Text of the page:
October 23, 2017
As the Deadline Looms for U.S. Report to the UN on Racial Discrimination, Du Bois’ “Appeal to the World” Remains Pertinent to the Contemporary Fight for Racial Equality
WASHINGTON, D.C. – On this day seventy years ago, the NAACP submitted a petition, “An Appeal to the World” edited by W.E.B. Du Bois to the United Nations to address the denial of human rights to African Americans in the United States. Our organizations commemorate the 70th anniversary of this historic document and affirm our commitment to the goals of the International Convention on the Elimination of All Forms of Racial Discrimination (ICERD) and the significance of the upcoming U.N. review of United States’ record on ending racism and racial discrimination in the United States.
The ICERD is the principal human rights treaty designed to protect individuals and groups from discrimination based on race, color, descent, or national or ethnic origin, whether the discrimination is intentional or the result of seemingly neutral policies. After the last U.N. review in 2014, the U.N. Committee on the Elimination of Racial Discrimination which monitors compliance with ICERD, issued Concluding Observations expressing concerns over prevalent racial discrimination in the United States that Du Bois first voiced in 1947.
Among other observations, the Committee expressed concern over, but not limited to: 1) the practice of racial profiling of and police violence against racial and ethnic minorities, 2) lack of equal access to quality education and the ongoing segregation in schools, 3) the unfairly and disproportionately use of discipline in schools based on race, including more frequent referral to the criminal justice system of racial and ethnic minorities , and 4) the ongoing weakening of the Voting Rights Act and the obstacles to the vote such as restrictive voter ID laws, gerrymandering and felony disfranchisement laws.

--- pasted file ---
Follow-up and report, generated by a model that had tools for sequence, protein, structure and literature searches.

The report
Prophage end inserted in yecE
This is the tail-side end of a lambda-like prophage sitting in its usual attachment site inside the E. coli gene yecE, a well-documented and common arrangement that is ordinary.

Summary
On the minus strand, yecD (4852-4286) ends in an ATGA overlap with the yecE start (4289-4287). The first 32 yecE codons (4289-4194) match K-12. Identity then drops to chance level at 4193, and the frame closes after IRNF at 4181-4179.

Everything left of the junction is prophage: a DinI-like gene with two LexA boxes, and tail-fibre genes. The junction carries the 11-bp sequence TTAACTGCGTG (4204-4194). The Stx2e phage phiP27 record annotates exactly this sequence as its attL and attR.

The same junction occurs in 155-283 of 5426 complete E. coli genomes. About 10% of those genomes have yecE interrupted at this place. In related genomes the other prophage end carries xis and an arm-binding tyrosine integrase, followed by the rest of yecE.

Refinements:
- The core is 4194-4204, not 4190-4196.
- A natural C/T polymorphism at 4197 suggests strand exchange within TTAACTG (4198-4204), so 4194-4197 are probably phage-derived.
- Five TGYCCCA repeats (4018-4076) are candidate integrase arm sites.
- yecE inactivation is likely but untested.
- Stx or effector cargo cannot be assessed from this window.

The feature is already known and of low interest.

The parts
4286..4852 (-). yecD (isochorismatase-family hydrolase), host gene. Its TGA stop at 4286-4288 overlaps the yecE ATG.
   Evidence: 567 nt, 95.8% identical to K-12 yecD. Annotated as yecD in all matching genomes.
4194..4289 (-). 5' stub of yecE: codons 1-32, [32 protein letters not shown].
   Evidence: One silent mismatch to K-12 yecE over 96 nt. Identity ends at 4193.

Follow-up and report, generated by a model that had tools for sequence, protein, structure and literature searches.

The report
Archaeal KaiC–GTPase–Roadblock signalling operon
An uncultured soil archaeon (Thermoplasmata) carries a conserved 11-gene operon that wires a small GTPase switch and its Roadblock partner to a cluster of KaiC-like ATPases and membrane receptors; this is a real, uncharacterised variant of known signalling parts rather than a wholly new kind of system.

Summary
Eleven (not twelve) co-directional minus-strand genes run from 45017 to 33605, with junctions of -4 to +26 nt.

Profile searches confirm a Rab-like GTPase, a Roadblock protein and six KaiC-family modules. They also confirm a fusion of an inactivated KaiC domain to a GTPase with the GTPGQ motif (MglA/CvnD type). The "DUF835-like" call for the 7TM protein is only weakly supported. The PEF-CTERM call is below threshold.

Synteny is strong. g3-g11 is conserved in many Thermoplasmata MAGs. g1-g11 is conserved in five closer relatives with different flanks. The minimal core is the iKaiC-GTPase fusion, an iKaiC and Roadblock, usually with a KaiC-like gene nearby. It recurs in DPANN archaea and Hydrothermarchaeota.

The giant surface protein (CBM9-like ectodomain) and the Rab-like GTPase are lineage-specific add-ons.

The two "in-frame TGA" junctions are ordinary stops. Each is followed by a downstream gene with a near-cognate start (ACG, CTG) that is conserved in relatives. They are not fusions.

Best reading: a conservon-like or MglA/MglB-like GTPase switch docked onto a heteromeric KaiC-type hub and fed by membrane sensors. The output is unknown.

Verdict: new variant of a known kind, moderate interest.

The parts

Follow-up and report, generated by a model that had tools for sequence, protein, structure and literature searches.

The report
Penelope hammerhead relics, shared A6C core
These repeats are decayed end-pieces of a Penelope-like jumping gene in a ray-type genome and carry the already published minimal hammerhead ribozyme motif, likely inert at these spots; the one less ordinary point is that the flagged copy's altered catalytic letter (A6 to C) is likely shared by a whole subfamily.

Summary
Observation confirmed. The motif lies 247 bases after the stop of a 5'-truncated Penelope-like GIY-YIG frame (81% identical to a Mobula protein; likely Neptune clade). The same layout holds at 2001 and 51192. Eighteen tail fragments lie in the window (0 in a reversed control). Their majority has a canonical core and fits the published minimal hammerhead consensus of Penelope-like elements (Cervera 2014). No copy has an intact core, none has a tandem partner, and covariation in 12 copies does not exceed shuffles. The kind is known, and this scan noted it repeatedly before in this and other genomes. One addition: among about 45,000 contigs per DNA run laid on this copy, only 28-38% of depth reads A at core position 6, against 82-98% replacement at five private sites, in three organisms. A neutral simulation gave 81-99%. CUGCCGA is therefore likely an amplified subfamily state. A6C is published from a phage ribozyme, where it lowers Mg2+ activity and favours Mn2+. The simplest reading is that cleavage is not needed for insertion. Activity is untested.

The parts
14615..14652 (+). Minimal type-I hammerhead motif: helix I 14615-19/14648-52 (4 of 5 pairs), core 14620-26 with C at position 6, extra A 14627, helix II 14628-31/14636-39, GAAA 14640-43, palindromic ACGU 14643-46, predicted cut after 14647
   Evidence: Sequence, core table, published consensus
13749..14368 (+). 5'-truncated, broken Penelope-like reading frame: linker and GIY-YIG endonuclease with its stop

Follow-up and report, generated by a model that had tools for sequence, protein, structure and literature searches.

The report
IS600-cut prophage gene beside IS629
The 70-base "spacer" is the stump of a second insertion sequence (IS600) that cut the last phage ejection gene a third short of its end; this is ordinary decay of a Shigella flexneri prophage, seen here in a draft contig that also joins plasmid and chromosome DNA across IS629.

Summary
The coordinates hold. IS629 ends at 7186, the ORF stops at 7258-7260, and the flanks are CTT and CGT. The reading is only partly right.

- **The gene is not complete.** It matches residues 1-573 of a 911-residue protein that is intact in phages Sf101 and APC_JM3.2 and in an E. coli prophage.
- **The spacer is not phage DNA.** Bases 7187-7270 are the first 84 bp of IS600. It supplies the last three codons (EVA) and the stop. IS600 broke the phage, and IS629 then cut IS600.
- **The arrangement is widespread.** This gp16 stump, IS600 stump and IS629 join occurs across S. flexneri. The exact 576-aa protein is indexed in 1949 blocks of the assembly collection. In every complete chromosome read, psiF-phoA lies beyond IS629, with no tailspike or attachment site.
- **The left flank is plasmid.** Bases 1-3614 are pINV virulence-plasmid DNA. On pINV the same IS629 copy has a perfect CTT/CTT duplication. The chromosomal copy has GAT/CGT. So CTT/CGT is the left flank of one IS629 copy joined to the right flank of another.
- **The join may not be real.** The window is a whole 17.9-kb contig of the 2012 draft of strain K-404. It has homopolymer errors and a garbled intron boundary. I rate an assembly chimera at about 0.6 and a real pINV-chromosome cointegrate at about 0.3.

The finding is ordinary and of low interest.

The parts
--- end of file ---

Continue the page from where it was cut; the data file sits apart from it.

The United States ratified the ICERD in 1994 and is obligated to uphold and promote the human rights protections detailed in the treaty, including in the areas of education, housing, criminal justice, health, voting, labor, access to justice, and more. The deadline for the Trump administration to submit its report to the U.N. CERD committee is November 17, 2017. Civil and human rights groups in the United States urge the Trump administration to submit a comprehensive report, which thoroughly reviews both U.S. progress and setbacks in implementing the ICERD and 2014 Concluding Observations on the federal, state and local levels. The CERD periodic review process is the world’s answer to W.E.B. DuBois’ Appeal and the U.S. still has a long way to go to address structural discrimination and the inequities DuBois detailed in his historic appeal.
Kristen Clarke, President and Executive Director, Lawyers’ Committee for Civil Rights Under Law: Seventy years ago, W.E.B. DuBois spearheaded an Appeal to the World that detailed the discrimination faced by racial minorities in the United States. Today, the fight against discrimination is ongoing as many fear the country is heading in the wrong direction. The review of U.S. compliance with the CERD treaty offers an opportunity for both reflection and action. We must continue to move our nation towards the ideals of democracy and work to be the exemplar for all democracies across the globe.